Debt crisis in affluent States threatens developing economies, UN officials warn

Abulkalam Abdul Momen. UN Photo/Evan Schneider

24 October 2011 – Two top United Nations economic bodies held their first ever joint meeting today to discuss the serious risks to developing countries and economies in transition stemming from the sovereign debt crisis currently affecting some developed countries.

“We must remain mindful of the fact that developing countries are especially vulnerable to external shocks, and often have limited capacity to cope,” Bangladesh’s Permanent Representative Abulkalam Abdul Momen, Chairperson of the General Assembly’s Second Committee, which deals with economic and financial issues, told a joint session with the UN Economic and Social Council (ECOSOC).

“The slowdown in economic growth in developed economies, coupled with this on-going financial turmoil and uncertainty, could further impede efforts to eradicate poverty and to achieve the Millennium Development Goals (MDGs),” he said.

The MDGs, set during the UN Millennium Summit of 2000, seek to slash hunger and poverty, maternal and infant mortality, a host of diseases, and lack of access to education and health care, all by 2015, but many countries have fallen behind schedule in many or all of the targets.

Mr. Momen noted that while the momentum of global economic growth is diminishing, with heightened risks for some major developed economies to slide into a double-dip recession, growth in developing countries and countries in transition has remained strong, yet moderated.

But these countries also face challenges brought on by a deteriorating international economic environment, including renewed turbulence in global financial markets, reversal of capital inflows, heightened volatility in commodity prices, and weakened external demand.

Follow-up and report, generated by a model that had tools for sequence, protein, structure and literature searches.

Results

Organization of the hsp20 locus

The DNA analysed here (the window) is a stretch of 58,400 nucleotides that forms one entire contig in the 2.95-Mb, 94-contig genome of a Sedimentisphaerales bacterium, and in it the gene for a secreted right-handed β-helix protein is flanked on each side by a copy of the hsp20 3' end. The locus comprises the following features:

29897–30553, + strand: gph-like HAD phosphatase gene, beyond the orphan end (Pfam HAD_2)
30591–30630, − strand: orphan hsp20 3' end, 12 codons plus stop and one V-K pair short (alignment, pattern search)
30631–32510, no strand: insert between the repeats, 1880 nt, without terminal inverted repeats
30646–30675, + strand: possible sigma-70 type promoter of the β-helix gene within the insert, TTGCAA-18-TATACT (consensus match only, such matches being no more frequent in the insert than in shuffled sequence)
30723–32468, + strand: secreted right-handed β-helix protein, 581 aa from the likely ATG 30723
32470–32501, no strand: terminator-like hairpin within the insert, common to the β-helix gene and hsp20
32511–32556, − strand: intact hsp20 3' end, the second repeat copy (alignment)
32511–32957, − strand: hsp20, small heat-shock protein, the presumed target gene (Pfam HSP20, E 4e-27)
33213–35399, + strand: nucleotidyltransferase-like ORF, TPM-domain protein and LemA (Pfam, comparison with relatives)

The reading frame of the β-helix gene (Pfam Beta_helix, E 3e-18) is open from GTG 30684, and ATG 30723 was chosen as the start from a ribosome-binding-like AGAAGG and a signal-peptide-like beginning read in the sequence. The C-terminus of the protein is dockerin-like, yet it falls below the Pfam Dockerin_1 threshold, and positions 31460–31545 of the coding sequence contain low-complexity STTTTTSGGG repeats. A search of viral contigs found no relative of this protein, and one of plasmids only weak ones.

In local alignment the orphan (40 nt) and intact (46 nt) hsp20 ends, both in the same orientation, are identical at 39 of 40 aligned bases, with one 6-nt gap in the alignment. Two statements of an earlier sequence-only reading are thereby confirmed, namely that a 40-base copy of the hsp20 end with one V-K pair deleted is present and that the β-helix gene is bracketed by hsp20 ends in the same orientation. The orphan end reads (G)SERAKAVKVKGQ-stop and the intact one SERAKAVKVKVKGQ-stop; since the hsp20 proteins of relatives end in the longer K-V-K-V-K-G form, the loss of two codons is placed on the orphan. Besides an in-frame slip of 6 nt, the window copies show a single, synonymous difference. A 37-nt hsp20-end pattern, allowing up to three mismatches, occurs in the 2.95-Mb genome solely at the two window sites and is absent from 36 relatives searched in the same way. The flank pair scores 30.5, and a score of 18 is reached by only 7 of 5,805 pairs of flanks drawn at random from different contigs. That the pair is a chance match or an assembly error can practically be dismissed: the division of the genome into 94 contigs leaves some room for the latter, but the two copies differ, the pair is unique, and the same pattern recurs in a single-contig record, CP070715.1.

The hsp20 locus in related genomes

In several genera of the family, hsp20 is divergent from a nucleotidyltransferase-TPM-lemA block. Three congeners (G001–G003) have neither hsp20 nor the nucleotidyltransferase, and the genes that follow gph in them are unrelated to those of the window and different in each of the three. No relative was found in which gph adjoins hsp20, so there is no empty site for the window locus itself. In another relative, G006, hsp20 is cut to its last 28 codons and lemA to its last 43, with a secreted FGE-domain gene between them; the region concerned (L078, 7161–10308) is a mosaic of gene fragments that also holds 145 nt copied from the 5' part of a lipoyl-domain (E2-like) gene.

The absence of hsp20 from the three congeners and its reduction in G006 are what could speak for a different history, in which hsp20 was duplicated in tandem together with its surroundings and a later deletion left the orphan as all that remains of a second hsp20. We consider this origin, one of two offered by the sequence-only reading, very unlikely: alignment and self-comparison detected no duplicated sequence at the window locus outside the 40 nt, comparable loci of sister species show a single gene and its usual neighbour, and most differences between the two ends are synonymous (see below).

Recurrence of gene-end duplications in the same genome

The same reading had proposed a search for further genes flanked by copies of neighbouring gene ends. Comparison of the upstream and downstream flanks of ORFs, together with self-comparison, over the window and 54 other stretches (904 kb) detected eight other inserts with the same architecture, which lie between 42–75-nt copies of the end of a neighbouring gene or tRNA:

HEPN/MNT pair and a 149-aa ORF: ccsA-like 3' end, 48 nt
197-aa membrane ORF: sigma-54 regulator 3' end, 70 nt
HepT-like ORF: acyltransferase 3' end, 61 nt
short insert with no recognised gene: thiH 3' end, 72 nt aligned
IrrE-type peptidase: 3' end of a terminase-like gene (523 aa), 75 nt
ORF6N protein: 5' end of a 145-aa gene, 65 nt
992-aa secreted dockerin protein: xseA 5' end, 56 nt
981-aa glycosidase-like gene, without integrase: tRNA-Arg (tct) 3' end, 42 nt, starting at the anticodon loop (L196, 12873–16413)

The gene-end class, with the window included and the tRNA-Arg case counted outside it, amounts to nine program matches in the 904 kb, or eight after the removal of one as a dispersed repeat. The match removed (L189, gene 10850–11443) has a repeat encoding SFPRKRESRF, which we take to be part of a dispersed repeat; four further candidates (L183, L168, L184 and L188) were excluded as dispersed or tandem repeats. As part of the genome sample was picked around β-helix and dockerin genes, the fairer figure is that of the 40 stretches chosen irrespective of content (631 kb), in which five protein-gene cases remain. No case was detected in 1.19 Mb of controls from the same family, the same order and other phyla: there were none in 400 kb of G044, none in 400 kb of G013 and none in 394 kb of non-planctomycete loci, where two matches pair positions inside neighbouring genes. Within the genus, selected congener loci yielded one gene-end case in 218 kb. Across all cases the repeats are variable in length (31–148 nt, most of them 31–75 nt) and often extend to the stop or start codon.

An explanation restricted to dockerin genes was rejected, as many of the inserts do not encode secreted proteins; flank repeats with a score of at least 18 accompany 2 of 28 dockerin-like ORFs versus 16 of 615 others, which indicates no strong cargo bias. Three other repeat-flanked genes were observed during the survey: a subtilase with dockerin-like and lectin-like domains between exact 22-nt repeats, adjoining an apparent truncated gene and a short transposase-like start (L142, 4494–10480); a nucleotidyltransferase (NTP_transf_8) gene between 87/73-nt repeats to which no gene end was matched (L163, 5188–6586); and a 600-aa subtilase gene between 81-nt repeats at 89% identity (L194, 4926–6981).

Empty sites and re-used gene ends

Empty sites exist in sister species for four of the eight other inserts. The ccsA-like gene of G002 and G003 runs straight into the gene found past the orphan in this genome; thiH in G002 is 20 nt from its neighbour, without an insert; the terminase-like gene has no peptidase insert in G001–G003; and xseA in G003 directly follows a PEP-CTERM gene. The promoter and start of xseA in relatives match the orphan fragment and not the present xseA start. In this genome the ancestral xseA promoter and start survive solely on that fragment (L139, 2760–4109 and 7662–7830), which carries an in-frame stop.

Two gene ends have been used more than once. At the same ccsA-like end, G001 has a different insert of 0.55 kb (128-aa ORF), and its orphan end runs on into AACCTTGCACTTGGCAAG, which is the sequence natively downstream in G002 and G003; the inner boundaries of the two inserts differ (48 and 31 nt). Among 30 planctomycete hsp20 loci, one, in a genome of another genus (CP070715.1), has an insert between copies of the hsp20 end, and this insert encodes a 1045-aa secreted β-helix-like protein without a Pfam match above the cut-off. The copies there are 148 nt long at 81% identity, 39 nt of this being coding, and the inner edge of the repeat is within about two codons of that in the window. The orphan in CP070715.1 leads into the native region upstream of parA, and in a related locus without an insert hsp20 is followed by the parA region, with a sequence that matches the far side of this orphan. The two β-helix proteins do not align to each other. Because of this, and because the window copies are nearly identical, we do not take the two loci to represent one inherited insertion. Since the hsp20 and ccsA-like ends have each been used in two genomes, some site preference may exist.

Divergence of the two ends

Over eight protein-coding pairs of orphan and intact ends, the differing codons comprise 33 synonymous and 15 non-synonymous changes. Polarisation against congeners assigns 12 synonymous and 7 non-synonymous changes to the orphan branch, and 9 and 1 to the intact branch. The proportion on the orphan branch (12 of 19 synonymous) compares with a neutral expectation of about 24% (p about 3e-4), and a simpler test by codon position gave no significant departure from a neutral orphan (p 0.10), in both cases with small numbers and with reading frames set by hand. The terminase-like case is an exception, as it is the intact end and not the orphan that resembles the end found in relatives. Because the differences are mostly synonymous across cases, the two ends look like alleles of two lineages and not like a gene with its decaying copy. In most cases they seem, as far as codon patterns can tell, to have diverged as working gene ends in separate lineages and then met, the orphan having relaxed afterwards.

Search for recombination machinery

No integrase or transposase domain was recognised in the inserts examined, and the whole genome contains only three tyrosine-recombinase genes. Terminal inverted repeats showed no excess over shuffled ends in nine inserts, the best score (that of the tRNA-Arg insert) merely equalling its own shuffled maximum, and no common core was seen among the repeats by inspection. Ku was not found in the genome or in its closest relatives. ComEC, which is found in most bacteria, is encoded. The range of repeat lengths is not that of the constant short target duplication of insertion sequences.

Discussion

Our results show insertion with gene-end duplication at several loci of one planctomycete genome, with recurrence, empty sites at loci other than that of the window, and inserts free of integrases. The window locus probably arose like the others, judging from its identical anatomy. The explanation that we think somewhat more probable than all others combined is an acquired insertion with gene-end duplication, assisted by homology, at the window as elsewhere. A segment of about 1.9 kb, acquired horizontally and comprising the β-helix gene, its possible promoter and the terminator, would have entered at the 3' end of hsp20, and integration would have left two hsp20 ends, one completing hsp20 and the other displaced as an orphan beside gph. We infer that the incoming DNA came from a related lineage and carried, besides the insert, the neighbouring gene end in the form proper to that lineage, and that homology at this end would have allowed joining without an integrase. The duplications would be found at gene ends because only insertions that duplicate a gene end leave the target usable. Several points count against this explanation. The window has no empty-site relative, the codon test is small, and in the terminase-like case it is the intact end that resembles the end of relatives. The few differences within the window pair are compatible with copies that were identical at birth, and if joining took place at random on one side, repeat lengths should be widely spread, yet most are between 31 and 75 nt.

“While globalization has brought increased opportunities for prosperity, it has also made countries more vulnerable to external financial and economic shocks and challenges,” he stressed, noting how the financial meltdown three years ago in one part of the world turned into a global crisis, affecting all countries.

“This year, a new form of financial crisis now confronts the global economy. At the heart of this problem, similar to three years ago, is the interconnectedness of international financial markets. This time, however, rather than being an issue of private debt, it is an issue of government debt.

“The sovereign debt crisis currently affecting some developed countries poses serious challenges, and there is a significant risk of spreading financial and economic distress to the rest of the global economy, including developing countries and economies in transition.”

Closing the meeting, ECOSOC President Lazarous Kapambwe, Zambia’s Permanent Representative, called on the UN to take up the mantle of forging a global economic policy.

“We need strong international policy coordination and action, similar to the concerted reaction in 2008 and 2009, to address the global financial crisis,” he said.

“Unfortunately, we are not seeing this in practice. Given the continuing risks and threats to the international economy, the United Nations must assert its global leadership role in coordinating international policy and in strengthening global economic governance.”

Joseph Stiglitz, Professor of International Affairs at Columbia University and the 2001 Nobel Economics Prize laureate, also addressed the meeting.

The two bodies will hold another joint meeting on Thursday to hear a panel discussion on investing in productive capacity to promote job growth.


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